"(The aid included) staples for some very needy people that helped us with relationship-building, that helped us get access and influence into certain communities," Rocke said. "It helped us build the perception that we're not just here in the middle of the night and pull bad guys out. We're here to help."
Even the food and humanitarian supplies were distributed by a combined force of U.S. Soldiers and Iraqi Army or police personnel.
"We drove there on a combined patrol, personally handing out these food products together so the people saw us as one, united," Rocke said.
As relationships grew, so did the scope of the assistance. The 2-3 Inf. commanders and staff balanced multiple projects. Alpha Company under Capt. David Birie, solicited donations of bricks and wood, found paint, borrowed a bucket loader to turn an Iraqi police station into a school. The 3rd Bde., 2nd Inf. Div. 296 Brigade Support Battalion Soldiers even rebuilt desks and chairs. The new school took a lot of work, "personal efforts and will," but not a dime of taxpayer money, Rocke said.
As the year passed, several requests made their way through the funding process, most midwifed by Capt. Dan Threlkeld's Bravo Battery, 1st Battalion, 37th Field Artillery Regiment. Under commander Lt. Col. John P. Moore, the brigade's organic artillery battalion had been recast for the deployment as the Governance and Civil Capacity team, which worked as a combination de facto staff and executive arm of the State Department's Provincial Reconstruction Team.
"The Provisional Reconstruction Team is critical to the longevity and stability of Iraq," Rocke said. "The combat formations are slowly leaving the country right now. As we draw down our forces, the PRT will remain behind to help build the economy, to provide economic stimulus, to reconstruct it, to do national reconciliation, tribal interactions, to keep the peace and show the United States is a long-term ally with Iraq."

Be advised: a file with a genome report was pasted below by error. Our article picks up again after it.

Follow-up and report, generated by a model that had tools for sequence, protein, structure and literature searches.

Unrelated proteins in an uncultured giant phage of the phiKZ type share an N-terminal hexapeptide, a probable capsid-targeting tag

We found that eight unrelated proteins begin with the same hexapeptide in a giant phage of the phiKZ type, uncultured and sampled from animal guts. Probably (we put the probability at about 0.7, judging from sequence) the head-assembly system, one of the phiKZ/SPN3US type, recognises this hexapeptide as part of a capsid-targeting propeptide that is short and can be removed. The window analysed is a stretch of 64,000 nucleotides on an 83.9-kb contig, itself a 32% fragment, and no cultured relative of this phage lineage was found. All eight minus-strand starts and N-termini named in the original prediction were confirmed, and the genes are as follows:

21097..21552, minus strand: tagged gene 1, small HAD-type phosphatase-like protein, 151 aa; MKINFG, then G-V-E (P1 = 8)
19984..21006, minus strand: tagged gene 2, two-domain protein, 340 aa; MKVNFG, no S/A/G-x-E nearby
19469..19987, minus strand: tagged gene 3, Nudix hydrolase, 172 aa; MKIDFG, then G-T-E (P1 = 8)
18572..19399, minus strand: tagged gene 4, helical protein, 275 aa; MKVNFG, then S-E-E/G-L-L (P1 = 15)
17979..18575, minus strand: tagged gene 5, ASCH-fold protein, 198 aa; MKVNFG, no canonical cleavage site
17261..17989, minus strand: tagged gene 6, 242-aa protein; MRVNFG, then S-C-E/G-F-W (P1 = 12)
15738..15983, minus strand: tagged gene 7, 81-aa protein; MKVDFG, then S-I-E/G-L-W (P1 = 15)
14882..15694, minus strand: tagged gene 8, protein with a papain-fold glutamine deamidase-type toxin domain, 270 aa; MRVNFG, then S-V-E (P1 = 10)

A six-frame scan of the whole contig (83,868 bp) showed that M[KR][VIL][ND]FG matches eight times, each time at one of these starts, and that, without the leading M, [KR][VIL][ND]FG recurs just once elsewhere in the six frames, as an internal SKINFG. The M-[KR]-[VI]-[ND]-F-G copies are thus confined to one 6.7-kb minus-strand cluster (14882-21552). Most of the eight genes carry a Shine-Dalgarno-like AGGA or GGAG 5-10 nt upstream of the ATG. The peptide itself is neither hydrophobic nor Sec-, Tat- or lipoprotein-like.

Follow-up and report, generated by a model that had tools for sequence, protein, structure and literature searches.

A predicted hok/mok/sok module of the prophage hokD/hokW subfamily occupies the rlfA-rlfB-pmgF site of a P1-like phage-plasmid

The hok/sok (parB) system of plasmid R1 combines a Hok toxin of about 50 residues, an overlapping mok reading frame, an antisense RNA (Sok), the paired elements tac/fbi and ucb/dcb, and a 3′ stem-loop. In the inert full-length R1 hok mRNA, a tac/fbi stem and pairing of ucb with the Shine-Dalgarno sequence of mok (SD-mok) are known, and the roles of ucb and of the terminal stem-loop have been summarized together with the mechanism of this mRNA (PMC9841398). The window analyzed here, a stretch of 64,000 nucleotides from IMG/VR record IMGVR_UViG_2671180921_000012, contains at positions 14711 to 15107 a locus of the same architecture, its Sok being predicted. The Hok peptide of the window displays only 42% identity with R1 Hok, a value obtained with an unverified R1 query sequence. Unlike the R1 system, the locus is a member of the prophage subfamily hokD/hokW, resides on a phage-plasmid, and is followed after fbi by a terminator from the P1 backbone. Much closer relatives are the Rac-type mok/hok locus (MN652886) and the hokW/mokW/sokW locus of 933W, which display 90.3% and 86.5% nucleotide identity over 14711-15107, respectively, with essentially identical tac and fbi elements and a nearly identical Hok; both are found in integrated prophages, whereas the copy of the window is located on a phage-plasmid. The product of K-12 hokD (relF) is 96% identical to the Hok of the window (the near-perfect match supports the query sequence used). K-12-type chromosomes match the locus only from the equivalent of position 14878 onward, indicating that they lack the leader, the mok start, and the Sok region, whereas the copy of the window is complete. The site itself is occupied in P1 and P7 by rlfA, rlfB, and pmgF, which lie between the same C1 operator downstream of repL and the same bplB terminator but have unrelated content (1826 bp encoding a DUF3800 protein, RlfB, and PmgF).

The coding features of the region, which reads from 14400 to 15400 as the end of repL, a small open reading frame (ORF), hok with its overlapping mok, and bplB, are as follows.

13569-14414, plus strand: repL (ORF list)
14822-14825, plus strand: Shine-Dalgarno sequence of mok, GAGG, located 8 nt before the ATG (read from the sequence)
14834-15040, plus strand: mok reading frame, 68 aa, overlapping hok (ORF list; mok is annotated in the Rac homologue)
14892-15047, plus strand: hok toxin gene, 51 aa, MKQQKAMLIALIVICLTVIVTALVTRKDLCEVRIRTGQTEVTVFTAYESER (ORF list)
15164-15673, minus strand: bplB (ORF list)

Projects improve city
Moore organized his batteries along a combination of functional and geographic lines, assigning B Battery to the 2-3 Inf. area of operations with its center of gravity in Muqdadiyah. Threlkeld's battery had the administrative burden of managing and pushing the paperwork through the thicket of bureaucracy to get materiel and funding for the projects. Microgrants, small targeted grants to help small businesses and boost the economy, fueled much of the activity.
"Our Soldiers felt they did lots of good," Rocke said. "We were pretty innovative in our approach. There were multiple (projects), from building wells to building a bank in the Muqdadiyah suq or market. Microgrants provided stimulus to the economy. My battalion processed over 1,700 microgrants at nearly $9 million in CERP funds, but it worked. (We rebuilt) the second-oldest outdoor suq in Iraq with a capacity of 1,500 stores.
"During the height of the sectarian wars there was one store open," he said. "Through our efforts with the assistance of the PRT and many other folks, including my GCC team, Capt. Threlkeld and Lt. Col. Moore, we made an assessment that we could rebuild this market. You could see this process unfold over the year we were there. I think the microgrants, at $5,000 each, was money well spent."
Rocke walked through the market before he left with the mayor. The two leaders shared satisfaction at the progress apparent on the streets around them.
"You could see how the economic stimulus had taken hold," Rocke said. "The markets were open, goods and services were being sold. Reconstruction inside of the market is there. Through the efforts of the PRT and us, we rebuilt five clinics back into that suq, which helped bring the population back together and doctors and professional people back into the market. For a long time the doctors had fled, and now they're coming back."
More than any single project, Rocke said the locals' idea of U.S. forces and their own community had evolved in the year.
"You could see the attitudes of people change in our operating environment at the latter portion of our deployment," Rocke said, "just because of all the things we had worked so hard to set in motion, stability and reconstruction efforts, finally coming to fruition toward the end of our tour."
Don Kramer is a reporter with Joint Base Lewis-McChord's weekly newspaper, the Northwest Guardian.